The World Accordion to Charlie

In print, on-air and online, Charlie Campbell makes Dayton shine

By Amanda Dee

Charlie Campbell is the Mark Zuckerberg of Dayton—except his mouth curves up in a permanent, wrinkled smile and he’s more interested in “live-to-live interaction” than interactions online. Plus, he plays in an accordion band. (And he’s never seen “The Social Network.”)

Charlie is the man behind It’s Great in Dayton, a weekly email newsletter that shares what people are doing in Dayton with 4,000 subscribers.

His eyes blaze blue behind his circular lenses. A red baseball cap and striped wool scarf hang on the side of his chair. His legs are crossed and his hands rest near his coffee mug when he starts telling his own story:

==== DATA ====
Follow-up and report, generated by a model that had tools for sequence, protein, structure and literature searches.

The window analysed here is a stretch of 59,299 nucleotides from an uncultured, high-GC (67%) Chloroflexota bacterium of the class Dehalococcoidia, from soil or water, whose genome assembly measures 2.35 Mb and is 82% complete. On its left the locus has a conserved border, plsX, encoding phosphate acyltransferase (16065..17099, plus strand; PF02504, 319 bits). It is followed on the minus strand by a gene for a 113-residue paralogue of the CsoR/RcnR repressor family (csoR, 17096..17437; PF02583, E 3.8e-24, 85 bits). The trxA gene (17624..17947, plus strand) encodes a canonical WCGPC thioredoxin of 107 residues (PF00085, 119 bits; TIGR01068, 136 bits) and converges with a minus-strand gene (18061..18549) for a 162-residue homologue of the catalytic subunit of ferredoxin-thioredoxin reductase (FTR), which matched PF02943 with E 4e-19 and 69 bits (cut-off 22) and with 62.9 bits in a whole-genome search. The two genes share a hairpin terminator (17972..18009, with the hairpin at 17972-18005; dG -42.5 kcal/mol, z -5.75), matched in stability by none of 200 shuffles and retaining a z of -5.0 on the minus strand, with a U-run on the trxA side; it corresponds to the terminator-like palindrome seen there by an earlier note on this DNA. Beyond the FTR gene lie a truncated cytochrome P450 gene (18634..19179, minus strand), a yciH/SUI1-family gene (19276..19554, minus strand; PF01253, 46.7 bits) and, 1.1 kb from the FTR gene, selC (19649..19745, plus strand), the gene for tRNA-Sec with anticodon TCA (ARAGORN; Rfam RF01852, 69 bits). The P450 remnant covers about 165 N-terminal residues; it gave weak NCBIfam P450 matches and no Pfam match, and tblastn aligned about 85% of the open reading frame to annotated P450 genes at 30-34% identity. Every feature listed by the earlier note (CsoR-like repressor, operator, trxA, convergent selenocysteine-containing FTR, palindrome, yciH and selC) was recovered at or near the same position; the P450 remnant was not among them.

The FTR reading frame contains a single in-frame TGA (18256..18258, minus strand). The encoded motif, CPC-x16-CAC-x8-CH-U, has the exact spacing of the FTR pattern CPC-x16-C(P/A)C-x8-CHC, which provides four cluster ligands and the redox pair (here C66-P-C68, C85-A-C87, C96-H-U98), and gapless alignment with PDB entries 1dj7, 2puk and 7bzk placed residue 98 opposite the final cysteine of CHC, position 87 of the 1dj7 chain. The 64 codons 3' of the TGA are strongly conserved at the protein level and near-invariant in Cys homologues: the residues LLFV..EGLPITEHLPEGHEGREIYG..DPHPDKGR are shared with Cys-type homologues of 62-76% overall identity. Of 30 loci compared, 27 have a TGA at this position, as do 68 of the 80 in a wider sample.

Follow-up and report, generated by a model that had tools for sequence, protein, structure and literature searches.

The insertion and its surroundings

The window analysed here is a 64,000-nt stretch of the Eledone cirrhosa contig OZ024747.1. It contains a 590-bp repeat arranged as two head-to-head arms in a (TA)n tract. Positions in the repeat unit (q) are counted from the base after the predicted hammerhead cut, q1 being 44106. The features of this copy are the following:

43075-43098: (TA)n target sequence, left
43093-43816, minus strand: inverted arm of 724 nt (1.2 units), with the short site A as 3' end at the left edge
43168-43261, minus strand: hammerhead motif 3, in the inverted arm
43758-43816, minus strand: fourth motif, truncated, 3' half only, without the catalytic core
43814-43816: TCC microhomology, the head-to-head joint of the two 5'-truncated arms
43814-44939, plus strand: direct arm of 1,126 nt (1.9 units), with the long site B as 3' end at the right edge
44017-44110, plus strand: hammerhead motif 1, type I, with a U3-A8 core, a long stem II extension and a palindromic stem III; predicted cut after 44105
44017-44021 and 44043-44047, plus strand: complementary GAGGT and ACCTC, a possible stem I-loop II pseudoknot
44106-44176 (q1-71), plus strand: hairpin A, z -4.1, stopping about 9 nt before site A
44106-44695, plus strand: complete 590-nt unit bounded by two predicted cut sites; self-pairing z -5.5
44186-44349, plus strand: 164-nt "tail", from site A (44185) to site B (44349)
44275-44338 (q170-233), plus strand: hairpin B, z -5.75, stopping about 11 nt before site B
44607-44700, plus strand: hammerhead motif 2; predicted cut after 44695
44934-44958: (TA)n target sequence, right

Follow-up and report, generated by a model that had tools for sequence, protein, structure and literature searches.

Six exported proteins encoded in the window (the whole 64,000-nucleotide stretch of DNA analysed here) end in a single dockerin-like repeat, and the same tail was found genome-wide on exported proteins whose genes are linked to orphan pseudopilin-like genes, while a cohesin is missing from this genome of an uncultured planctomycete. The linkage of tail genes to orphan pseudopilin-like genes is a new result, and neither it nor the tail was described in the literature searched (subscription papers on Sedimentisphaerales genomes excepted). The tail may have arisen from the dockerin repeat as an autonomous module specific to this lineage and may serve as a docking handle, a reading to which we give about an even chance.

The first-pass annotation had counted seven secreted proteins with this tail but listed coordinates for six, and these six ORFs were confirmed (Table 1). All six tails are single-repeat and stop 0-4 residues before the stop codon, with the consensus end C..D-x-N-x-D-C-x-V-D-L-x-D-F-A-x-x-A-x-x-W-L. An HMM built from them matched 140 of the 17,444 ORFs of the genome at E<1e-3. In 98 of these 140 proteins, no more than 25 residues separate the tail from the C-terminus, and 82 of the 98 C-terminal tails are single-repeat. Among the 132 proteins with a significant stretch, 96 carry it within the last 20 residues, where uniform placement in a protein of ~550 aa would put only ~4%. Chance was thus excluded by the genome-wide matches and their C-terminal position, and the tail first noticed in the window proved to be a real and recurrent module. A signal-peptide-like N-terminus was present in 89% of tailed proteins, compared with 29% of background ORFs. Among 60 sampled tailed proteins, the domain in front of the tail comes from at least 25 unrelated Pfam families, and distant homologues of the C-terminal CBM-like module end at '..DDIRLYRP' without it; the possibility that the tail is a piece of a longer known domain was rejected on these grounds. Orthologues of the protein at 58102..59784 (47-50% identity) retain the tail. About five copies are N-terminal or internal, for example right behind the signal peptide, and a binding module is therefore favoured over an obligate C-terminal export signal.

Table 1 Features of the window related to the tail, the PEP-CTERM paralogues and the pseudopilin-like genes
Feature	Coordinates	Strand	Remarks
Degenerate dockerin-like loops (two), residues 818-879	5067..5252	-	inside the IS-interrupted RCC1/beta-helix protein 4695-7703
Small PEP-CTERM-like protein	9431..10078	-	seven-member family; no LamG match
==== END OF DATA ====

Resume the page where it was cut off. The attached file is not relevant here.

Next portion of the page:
“Alright, here’s the deal …”

Charlie didn’t start out in Ohio. His mother graduated from Dayton during the Great Depression, attended Northwestern University then traveled east and got married. In 1943, Charlie was born in Connecticut.

In 1961, he graduated from high school, and his mother sent him to Denison University, a liberal arts college in Ohio. Four years later, he graduated.

“Alright, now … Have you ever heard about the Vietnam War?”

In that era, he says if you weren’t married or going to graduate school, you were going to be drafted.

“So I spent a year and a half in the Philippines, a year and a half in Oklahoma City and I volunteered to go to Vietnam because I wanted to see what it was all about,” he continues.

After 12 months in Vietnam, he flew to San Francisco, where he was discharged.

“So far so good?”

Charlie for president

“Have you ever heard of Miami-Jacobs College?”